The present study examines the right to food of rural women by underlining the
international legal framework applicable to rural women, analysing the patterns of
discrimination harming them, proposing strategies and policies for their legal protection and emphasizing good practices. The study has a special focus on female-headed households and temporary or seasonal workers.
Given the rapid expansion of the internet and the increasing number of users, including in the global South, the full potential of online platforms for promoting inclusive consultation of issues of high global interest is certainly not yet realised. An online discussion is being organised to share views and perspectives on how online platforms could be used more creatively and effectively to share experiences on a key area where information and lessons learned through various interventions from around the world are generally dispersed, that is the area of monitoring women’s land rights.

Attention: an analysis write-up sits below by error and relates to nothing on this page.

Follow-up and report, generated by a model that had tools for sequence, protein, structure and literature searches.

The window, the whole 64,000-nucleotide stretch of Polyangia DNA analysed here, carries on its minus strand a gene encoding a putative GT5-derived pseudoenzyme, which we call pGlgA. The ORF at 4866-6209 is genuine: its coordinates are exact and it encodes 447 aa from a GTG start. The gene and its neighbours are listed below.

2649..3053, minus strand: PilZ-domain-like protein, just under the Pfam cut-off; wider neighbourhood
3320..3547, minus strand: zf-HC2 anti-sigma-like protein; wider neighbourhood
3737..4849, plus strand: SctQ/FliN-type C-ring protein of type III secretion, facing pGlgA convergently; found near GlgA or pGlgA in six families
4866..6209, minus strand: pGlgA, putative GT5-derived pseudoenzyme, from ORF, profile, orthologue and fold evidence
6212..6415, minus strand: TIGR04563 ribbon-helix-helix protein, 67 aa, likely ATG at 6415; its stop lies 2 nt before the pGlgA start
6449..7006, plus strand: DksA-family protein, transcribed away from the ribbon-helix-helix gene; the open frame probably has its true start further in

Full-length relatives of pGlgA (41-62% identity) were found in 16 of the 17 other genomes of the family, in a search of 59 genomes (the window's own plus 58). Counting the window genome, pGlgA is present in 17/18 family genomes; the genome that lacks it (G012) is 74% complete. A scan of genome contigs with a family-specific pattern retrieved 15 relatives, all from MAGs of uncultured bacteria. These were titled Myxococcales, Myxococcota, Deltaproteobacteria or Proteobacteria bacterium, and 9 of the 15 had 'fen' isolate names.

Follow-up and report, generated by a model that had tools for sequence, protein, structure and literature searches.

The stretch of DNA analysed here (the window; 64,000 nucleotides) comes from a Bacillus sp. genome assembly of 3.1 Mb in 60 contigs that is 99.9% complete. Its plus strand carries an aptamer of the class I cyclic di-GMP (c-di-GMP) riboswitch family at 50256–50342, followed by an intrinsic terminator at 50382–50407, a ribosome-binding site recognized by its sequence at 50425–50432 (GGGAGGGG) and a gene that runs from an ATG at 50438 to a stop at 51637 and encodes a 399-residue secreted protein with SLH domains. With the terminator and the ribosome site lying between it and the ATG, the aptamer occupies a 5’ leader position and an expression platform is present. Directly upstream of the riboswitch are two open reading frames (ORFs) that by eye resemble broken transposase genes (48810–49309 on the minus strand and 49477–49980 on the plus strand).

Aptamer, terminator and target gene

The objective of the online discussion is therefore twofold: (a) engage a collective reflection on ways of optimising the use of online platforms in efforts to promote equitable and sustainable natural governance and social justice; and, (b) to share experiences on approaches to monitoring women’s land rights.
This paper seeks to better understand the historic origins of current differences in norms and beliefs about the appropriate role of women in society. We test the hypothesis that traditional agricultural practices influenced the historic gender division of labor and the evolution and persistence of gender norms. We find that, consistent with existing hypotheses, the descendants of pre-industrial societies that practiced plough agriculture, today have lower rates of female participation in the work place, in politics, and in entrepreneurial activities, as well as attitudes reflecting gender inequality. We identify the causal impact of traditional plough use on gender norms today by exploiting variation in the historic geo-climatic suitability of the environment for growing crops that differentially benefited from the adoption of the plough. Our IV estimates, based on this variation, support the findings from OLS. To isolate the importance of cultural transmission as a mechanism, we examine female labor force participation of second generation immigrants living within the US.
With contributions from more than 100 specialists in gender, agriculture and rural development. Combines descriptive accounts of national and international experiences in agricultural investment with practical guidance on designing strategies that capitalize on gender equality and women's empowerment.